You probably think that ExtCategoryEditor is the class that contains the Grid control we see in the property grid. That’s not right. ExtCategoryEditor is a class derived from CategoryEditor that has a set of methods. One of them gives DataTemplate containing the Grid control. Look at the ExtCategoryEditor class:

    internal class ExtCategoryEditor : CategoryEditor
        public override bool ConsumesProperty(PropertyEntry property)
            string[] properties = new string[]

            if (properties.Contains(property.PropertyName))
                return true;
                return false;

        public override DataTemplate EditorTemplate
                return (DataTemplate)EditorTempaleForExt.Current["ExtDataTemplate"];

        public override object GetImage(System.Windows.Size desiredSize)
            return null;

        public override string TargetCategory
            get { return "Ext"; }

EditorTemplate is the method giving Grid, which is in EditorTemplate. The Editor template is declared in ResourceDictionary EditorTemplateForExt. Its XAML declaration is below:

    <DataTemplate x:Key="ExtDataTemplate">
            <TextBlock Grid.Row="0" Grid.Column="0" Text="Prefix"/>
            <ComboBox Grid.Row="0" Grid.Column="1"
                      SelectedValue="{Binding Prefix, ElementName=uiPropertyCourier}"
                    <TextBlock Text="King"/>
                    <TextBlock Text="Mr"/>

            <TextBlock Grid.Row="1" Grid.Column="0" Text="Suffix"/>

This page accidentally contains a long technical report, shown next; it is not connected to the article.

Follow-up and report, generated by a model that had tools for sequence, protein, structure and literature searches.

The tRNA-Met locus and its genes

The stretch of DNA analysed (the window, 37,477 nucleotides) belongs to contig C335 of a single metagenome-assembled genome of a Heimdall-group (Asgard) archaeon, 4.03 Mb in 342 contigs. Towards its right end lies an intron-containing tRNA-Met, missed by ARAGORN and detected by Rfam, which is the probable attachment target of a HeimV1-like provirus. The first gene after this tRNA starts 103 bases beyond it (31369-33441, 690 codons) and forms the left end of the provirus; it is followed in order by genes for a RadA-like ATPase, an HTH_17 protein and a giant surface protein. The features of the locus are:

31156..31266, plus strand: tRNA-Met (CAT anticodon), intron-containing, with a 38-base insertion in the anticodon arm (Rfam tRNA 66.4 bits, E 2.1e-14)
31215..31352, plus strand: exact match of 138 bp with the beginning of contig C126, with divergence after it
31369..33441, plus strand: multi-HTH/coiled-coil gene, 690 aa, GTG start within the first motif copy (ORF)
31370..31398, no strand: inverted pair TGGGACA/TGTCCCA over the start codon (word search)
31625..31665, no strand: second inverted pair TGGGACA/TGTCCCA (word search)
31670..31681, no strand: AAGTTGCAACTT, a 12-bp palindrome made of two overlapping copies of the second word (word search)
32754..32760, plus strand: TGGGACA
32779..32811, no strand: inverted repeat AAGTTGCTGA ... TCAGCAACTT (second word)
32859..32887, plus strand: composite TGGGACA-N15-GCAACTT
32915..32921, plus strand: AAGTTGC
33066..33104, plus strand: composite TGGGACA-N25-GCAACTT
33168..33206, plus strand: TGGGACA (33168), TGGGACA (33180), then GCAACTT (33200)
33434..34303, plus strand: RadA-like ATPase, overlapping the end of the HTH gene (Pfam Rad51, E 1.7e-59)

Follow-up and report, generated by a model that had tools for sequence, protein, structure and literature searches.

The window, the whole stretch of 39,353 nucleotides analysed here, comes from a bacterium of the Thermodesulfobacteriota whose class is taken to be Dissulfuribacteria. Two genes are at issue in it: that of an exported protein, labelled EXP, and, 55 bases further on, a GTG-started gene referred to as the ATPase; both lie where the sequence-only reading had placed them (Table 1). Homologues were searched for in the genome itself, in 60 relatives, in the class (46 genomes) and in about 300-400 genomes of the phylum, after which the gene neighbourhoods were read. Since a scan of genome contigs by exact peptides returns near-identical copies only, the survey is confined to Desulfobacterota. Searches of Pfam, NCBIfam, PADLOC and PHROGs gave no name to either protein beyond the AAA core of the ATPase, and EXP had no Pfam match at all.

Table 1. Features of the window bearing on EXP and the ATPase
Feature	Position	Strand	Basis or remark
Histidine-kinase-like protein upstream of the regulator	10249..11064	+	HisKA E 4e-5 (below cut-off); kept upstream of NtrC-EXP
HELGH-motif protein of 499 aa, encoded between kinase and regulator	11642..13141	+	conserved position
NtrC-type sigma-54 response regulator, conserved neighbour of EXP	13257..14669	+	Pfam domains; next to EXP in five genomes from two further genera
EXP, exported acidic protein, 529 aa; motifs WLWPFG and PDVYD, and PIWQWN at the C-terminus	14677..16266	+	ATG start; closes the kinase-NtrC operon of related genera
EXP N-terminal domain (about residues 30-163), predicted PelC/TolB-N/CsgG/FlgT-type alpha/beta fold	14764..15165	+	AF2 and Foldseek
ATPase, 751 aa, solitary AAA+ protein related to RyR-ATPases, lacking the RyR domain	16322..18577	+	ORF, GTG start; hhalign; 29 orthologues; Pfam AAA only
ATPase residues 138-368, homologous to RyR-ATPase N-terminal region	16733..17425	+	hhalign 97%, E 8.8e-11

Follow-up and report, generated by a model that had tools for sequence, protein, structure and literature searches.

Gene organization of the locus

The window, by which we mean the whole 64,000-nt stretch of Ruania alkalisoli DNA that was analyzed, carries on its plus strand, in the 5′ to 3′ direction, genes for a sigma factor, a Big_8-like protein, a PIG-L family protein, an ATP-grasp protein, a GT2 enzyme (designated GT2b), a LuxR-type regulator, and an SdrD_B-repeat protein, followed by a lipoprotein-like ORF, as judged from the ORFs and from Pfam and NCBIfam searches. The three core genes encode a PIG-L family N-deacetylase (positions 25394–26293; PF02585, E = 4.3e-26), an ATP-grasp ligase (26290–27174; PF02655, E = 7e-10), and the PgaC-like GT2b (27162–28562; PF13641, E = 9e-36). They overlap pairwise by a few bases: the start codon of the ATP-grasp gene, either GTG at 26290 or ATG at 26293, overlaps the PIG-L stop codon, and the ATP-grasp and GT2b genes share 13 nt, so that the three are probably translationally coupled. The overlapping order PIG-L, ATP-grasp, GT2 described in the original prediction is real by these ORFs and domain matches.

<TextBox Name="uiSuffix" Grid.Row="1" Grid.Column="1" Text="{Binding Suffix, ElementName=uiPropertyCourier}" />

            <local:PropertyCourier  x:Name="uiPropertyCourier"
                Prefix="{Binding [Prefix].PropertyValue.Value}"
                Suffix="{Binding [Suffix].PropertyValue.Value}">



You can see that “Binding [<Property name>].PropertyValue.Value” in Microsoft’s examples. It means that DataContext of your DataTemplate and the elements inside it is an instance of some internal Microsoft class. The class has an Indexer that receives string as a parameter. It actually gets the property name. I won’t write the names of those Microsoft classes because they declared with internal keyword and are not supposed to be used by developers outside Microsoft. However you can see them in the debugger. Just add watch to the DataContext property.

This is ComboBox_SelectionChanged method:

        private void ComboBox_SelectionChanged(object sender, SelectionChangedEventArgs e)
            ComboBox comboBox = (ComboBox)sender;
            PropertyCourier propertyCourier =
            string value = (string)comboBox.SelectedValue;
            switch (value)
                case "King":
                    propertyCourier.Suffix = "III";
                case "Mr":
                    propertyCourier.Suffix = "Junior";